Knee Injuries from Motor Vehicle Accidents and Other Trauma

An injured knee can have a major impact on your life.  The pain from the injury and any medication you take for it can influence how you think and feel and limit the types of activities you can enjoy.  The injury may mean you have to stop working or work less, especially if you have a job that requires you to stand or walk a lot.  Knee injuries can also prevent you from participating in sports you enjoy and in household activities.

In short, knee injuries can diminish your quality of life.

What are knee injuries from trauma?

A knee injury from trauma specifically refers to one that is caused by a harmful event, like a hit or a twist, and not knee damage from genetic abnormalities or long-term wear and tear.  Knee injuries from trauma include breaks, sprains, tears, and dislocations of the knee joint.  The injury can be to one or both knees.

The pain can be sudden and sharp or could start as a nagging pain that develops into something more serious and noticeable over time.  The pain may be constant, whether or not you’re using the knee, or it may only be felt when you’re doing certain activities like walking or climbing stairs.  You may notice swelling or redness and may not be able to apply pressure to the injured leg.

What causes knee injuries?

Knee injuries can be caused by direct impacts, over-extension of the joint, or twisting and bending on the knee’s tendons and ligaments.  For example, you can get a knee injury in a car accident if your knee hits the front dashboard or the door of the car hits the side of your leg.  You could also get a knee injury from slipping or falling down.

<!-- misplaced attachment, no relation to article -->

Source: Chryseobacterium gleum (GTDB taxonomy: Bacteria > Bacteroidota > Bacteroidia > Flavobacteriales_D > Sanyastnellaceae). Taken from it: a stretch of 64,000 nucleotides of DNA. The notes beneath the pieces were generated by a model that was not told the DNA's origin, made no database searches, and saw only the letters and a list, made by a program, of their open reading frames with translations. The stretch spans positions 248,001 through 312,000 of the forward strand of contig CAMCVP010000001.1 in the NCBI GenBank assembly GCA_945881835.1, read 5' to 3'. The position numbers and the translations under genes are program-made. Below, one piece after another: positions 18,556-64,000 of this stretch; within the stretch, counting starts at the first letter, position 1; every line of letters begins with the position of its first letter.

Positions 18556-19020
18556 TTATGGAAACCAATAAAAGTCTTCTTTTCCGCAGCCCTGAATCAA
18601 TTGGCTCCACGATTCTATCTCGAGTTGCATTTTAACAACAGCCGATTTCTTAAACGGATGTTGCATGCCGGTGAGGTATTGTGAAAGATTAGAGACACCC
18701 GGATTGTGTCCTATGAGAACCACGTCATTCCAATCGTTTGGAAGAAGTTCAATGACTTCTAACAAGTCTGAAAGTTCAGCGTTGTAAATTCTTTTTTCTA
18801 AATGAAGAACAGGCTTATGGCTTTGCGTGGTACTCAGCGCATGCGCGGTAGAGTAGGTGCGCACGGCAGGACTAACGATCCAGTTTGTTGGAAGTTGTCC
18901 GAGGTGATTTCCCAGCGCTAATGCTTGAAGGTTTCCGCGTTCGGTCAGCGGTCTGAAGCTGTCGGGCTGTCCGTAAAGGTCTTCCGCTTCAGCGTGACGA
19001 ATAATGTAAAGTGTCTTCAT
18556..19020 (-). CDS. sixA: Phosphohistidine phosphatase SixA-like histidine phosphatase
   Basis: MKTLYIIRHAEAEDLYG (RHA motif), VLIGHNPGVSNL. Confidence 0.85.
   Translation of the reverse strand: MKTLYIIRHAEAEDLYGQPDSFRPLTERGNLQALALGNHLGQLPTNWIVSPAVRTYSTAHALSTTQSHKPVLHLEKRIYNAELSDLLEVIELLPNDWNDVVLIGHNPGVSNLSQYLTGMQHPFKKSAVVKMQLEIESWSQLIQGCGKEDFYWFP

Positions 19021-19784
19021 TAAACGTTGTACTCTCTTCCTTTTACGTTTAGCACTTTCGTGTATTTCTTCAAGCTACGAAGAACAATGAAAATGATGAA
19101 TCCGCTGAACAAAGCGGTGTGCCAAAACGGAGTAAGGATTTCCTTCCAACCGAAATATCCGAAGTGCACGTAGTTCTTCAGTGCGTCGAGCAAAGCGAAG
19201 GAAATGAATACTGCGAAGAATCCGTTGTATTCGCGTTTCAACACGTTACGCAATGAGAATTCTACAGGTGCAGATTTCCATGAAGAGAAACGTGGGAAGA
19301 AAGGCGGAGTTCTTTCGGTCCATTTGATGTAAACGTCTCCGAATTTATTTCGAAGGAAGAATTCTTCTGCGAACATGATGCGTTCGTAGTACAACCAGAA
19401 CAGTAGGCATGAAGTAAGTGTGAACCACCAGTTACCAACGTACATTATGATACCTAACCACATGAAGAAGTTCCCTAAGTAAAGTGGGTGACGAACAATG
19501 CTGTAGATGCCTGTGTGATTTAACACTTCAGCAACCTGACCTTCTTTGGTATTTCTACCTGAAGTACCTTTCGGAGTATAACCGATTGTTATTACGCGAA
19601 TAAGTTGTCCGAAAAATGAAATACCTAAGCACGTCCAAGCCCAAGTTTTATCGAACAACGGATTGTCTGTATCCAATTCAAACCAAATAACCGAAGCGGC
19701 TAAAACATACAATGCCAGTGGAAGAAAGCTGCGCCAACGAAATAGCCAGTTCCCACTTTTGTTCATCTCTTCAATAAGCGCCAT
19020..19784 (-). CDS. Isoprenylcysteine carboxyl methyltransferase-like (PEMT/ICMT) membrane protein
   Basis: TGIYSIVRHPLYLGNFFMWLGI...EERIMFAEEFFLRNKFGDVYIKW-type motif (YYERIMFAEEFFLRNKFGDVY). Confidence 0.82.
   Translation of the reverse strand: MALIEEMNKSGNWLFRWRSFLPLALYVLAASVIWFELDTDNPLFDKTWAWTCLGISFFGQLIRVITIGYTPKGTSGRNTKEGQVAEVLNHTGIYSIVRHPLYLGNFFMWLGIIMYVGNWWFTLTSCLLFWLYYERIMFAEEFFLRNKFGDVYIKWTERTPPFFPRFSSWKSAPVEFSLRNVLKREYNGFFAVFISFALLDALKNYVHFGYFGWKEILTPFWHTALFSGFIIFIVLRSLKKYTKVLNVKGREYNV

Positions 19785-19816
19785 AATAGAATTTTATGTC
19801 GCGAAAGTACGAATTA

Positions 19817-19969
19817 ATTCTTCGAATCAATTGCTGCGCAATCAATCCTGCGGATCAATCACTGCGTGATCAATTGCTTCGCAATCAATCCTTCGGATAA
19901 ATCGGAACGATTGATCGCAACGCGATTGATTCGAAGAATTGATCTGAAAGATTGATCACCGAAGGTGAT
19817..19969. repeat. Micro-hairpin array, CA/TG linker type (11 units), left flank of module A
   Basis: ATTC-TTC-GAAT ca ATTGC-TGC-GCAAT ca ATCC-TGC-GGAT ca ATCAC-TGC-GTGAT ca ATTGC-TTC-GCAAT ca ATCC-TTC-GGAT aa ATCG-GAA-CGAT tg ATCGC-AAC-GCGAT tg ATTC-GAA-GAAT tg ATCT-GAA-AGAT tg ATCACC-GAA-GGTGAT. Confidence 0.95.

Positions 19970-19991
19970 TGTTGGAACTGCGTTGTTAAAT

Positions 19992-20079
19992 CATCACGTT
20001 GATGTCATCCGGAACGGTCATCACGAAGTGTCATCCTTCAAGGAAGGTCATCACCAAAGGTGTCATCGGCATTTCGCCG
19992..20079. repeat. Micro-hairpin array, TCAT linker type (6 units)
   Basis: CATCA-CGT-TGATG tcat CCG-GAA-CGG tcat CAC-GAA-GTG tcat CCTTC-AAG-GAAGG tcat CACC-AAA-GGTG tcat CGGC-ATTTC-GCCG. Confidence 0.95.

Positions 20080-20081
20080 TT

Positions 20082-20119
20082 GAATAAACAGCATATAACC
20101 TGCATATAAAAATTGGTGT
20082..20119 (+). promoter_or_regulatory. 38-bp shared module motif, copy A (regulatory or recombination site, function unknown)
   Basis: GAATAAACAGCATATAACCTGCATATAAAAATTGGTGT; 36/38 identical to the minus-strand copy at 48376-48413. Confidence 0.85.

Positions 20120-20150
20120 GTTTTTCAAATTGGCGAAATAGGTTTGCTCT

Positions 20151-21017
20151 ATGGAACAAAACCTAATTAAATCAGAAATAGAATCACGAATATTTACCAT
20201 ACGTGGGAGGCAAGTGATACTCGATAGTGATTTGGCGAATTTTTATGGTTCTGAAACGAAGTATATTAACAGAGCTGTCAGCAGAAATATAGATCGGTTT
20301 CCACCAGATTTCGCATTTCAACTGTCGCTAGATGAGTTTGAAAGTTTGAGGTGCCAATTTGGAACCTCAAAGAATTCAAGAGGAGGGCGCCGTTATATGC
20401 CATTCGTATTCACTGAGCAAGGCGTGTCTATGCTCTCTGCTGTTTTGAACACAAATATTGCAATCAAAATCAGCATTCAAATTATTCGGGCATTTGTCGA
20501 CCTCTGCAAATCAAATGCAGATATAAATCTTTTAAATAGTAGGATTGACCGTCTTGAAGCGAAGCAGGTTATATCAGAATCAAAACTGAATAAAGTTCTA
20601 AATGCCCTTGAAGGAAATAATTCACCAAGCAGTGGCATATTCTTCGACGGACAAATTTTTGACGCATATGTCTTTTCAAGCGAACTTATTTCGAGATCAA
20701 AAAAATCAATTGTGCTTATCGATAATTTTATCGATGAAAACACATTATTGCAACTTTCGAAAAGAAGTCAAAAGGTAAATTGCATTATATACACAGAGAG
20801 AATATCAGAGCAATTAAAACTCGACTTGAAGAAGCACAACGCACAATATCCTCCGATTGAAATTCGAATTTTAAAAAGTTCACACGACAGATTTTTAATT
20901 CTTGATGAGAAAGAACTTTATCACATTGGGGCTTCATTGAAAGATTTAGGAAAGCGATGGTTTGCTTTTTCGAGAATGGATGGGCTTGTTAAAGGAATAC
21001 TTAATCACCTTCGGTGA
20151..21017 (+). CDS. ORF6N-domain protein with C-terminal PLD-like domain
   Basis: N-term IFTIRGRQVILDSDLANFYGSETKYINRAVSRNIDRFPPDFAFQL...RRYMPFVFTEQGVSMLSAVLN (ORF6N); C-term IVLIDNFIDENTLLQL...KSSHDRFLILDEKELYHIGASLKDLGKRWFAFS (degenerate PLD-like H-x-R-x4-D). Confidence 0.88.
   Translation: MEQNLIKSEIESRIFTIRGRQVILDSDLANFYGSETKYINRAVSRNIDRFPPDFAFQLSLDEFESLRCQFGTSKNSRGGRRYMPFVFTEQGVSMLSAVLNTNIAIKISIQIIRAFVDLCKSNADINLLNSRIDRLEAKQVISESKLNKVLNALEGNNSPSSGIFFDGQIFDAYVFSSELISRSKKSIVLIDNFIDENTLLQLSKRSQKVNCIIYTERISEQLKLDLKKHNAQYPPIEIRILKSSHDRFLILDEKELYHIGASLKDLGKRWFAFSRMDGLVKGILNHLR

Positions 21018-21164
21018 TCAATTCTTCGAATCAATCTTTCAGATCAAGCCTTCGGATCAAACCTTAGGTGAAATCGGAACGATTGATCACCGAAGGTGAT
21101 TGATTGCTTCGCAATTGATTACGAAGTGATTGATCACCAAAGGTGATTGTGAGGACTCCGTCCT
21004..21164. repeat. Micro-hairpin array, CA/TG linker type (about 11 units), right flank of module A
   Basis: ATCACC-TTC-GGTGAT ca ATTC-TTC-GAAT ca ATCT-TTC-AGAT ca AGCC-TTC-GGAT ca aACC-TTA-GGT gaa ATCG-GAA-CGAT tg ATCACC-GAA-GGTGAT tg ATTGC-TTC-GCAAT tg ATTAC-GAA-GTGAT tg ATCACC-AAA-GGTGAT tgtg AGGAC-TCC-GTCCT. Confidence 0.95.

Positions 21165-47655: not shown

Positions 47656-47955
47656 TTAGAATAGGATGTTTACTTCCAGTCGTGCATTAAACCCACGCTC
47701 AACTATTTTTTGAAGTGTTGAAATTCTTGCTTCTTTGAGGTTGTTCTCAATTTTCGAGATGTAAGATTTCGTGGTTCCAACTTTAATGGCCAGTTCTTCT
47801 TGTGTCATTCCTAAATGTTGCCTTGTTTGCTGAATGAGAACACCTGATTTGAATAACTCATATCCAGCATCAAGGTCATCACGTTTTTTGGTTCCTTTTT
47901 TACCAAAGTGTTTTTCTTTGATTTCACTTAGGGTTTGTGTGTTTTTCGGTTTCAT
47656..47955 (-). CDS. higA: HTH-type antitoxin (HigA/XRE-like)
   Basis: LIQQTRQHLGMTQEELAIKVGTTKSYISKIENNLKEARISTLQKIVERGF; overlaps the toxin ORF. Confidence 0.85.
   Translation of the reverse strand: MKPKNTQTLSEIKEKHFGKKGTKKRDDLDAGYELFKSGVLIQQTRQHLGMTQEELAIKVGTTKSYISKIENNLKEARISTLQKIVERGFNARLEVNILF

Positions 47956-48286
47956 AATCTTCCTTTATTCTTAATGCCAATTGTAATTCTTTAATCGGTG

Common types of knee injuries from motor vehicle accidents

Types of knee injuries from trauma vary – often depending on how your knee was injured.  It could be a direct impact injury, twisting injury, hyper-extension injury – to name a few.

The knee injury itself can stem from a single or several injured parts of your knee such the bone(s), joint, ligament, muscle, tendon, and/or cartilage.  The type of treatment you receive often depends on the type of injury and severity of injury.  Please keep in mind that this is a simplistic listing and description of knee injuries for informational purposes.  Often knee injuries involve several aspects that is best diagnosed and treated by a physician.

3 common knee injuries are:

  1. meniscus tear (also called torn cartilage),
  2. injury to the medial collateral ligament (MCL tear), and
  3. injury to the anterior cruciate ligament (ACL tear).

What should you do if you have suffered a knee injury?

The first thing you should do if you think you have injured your knee is get medical help.  A doctor can examine your knee to find out what the damage is and set up treatment to get you on the road to recovery.

Getting medical help is also important legally.  If you think the injury is from a car accident or is otherwise someone else’s fault, the doctor’s opinion will be important if you go ahead with seeking damages.  You will need to show that your knee injury was caused by the accident as well as the extent of the injury and its impact on your activities.

Get legal advice from a personal injury lawyer if you think it was caused by an accident or someone’s careless or reckless behaviour.

What if I already had knee problems, but now it’s worse?

You should go see your doctor if the pain in your knee has changed or gotten worse, even if you had a pre-existing knee injury or condition before the traumatic event.  If the event made your condition worse or caused new injuries, you can still seek damages.

How are knee injuries treated?

Your doctor will set up a treatment plan for your knee injury.  This can include seeing other specialists like physical therapists, medication to help the pain and inflammation, protective measures like knee wraps, limitations to your work and leisure activities, and, in very serious cases, surgery.

Most knee injuries get better with treatment and you can get back to your regular activities.  How long this takes depends on the injury, but can range from days to years.  Unfortunately, in some cases the injury never heals completely and becomes a life-long problem.